Ask Your Board Member
Inquiries from Others
Q: What is a common amount of time in which homeowners should receive the minutes from the last meeting? Annual meeting?
A: Typically the monthly Board meeting minutes are approved at the following Board meeting. Once the minutes are approved they are then available for residents viewing. Example: the May Board meeting minutes are reviewed and approved at the June Board meeting. The day(s) following the Board meeting the minutes can be posted on the community website, mailed, or otherwise provided to the community depending on how the Board has chosen to distribute the minutes.
The annual meeting minutes are typically reviewed and approved at the next year’s annual meeting. The minutes are provided to the homeowner’s in the Notice of Annual Meeting packet and can therefore be reviewed prior to the annual meeting date. However, there are some associations that choose to approve the annual meeting minutes at the following Board meeting as well.
Q: What do other associations do when board members are not in the area during the winter months?
A: With email and other technology based communication options it is possible for a Board member to stay an active member even when not in the area during the winter months. Much of our communications are sent via email therefore any Board decisions that are needed may be communicated and responded to in this way. The out-of-state Board member may also choose to attend the Board meetings via teleconference. If the Board member is on a committee they may choose to have another Board member take their liaison position until they return.
Q: If I am not able to attend the annual meeting, I do NOT sign a proxy sheet as I do NOT know the agenda/ issues of items to be discussed so I can't tell my neighbor how to vote. Is this common?
A: One of the most important meetings held every year for every homeowner’s association is the annual meeting. This meeting is for the purpose of electing other homeowners among yourselves who will serve and direct the affairs of your association and to discuss and decide any major changes that might affect you as a homeowner. The state statute and your governing documents require that all homeowners have sufficient notification prior to any such meeting so that you may attend, or if busy, reschedule your commitments in order to attend. It also requires that a certain percentage of all homeowners must be present at these meetings, to indicate that a proper notification was sent giving all homeowners the ability to attend.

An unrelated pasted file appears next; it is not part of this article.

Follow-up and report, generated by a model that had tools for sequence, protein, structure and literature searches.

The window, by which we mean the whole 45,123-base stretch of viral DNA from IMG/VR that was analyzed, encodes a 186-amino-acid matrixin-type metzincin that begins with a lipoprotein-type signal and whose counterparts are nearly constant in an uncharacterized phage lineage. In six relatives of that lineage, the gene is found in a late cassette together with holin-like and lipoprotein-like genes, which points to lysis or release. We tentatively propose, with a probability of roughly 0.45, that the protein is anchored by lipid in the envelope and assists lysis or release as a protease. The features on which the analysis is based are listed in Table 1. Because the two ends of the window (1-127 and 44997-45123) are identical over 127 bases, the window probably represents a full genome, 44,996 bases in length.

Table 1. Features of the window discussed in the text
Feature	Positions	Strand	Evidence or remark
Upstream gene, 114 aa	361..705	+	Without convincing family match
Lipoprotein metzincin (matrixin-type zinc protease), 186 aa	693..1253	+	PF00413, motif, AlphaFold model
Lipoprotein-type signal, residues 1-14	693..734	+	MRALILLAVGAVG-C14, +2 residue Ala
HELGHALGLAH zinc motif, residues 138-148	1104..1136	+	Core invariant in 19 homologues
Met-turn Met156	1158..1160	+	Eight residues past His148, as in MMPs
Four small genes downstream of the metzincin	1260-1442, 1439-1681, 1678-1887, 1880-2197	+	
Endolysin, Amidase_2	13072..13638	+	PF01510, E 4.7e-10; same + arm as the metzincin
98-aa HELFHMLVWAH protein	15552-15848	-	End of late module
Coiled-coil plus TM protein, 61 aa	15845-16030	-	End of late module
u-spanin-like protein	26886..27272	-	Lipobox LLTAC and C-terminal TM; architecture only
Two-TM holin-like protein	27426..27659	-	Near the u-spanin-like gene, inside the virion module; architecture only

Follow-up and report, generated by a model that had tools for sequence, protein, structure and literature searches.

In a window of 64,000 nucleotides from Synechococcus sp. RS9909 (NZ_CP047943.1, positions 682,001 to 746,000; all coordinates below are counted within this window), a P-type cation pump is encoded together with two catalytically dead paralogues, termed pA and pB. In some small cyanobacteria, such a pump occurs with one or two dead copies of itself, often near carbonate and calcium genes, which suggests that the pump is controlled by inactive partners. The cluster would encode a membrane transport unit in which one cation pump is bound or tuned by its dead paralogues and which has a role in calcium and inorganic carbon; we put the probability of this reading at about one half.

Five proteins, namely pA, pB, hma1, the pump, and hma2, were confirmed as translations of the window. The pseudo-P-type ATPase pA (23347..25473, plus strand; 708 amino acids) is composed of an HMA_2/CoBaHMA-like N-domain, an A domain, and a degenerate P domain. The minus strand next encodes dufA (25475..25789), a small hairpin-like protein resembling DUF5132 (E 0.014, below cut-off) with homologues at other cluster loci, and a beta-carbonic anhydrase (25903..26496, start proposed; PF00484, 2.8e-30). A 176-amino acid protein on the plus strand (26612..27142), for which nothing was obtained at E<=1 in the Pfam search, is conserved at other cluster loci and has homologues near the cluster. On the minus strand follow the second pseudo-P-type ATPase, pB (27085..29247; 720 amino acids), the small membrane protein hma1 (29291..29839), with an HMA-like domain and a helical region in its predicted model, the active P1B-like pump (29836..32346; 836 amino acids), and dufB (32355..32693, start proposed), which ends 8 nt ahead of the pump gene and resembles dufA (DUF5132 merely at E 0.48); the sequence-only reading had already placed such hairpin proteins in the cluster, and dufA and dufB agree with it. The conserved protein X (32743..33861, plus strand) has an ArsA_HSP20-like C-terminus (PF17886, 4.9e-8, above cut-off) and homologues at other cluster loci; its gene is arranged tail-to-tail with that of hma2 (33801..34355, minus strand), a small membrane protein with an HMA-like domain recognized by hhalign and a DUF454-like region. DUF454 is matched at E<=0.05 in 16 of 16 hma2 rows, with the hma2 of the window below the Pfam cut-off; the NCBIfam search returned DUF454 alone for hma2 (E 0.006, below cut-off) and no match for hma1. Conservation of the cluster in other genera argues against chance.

If you received your notification most likely there was also an agenda included. Most years you will find that an HOA in giving notice for the meeting doesn’t have anything more specific on the agenda other than reading last year’s minutes, a treasurer’s report, an update on what has been accomplished, and election of new board members. If nothing else is listed, that would mean that the association is not considering any other business at that meeting.
While it is always important for homeowners to participate in voting for their representatives in the HOA, sometimes it is not possible to attend the meeting. That is why each annual meeting notification also commonly has enclosed a proxy notice form, which allows you to have someone to have the authority to stand in your place at that meeting.
Unless you feel that strongly about an issue that is being voted upon (in which case you should show up) the question “should I give the proxy holder authority to vote in my place?” is a moot point, everyone at the meeting is going to vote and make a decision without you. If you look closely, most proxies also have the option for the homeowner to indicate that the proxy may be used for the purposes of establishing and holding the meeting only, but without giving anyone the authority to vote in your place.
In my estimation, every homeowner, in the very least, even if they cannot or do not wish to attend, should fill the proxy out to that extent and send it on to the meeting. This will allow for the homeowners in the association to hold the annual meeting with quorum being made.
Q: One Board member is not pulling her weight. She has missed several meetings and doesn't follow through on commitments to do things. I think her new job is taking more of her time than she thought. Can the Board "fire" her?
A: How a Board member may be removed (with or without cause) is governed by your Bylaws. (If there is nothing in your Bylaws, you should check the statute under which the Association was created--usually Minnesota Statutes Chapter 317A.) Generally, removal of a Board member requires vote of the Association membership.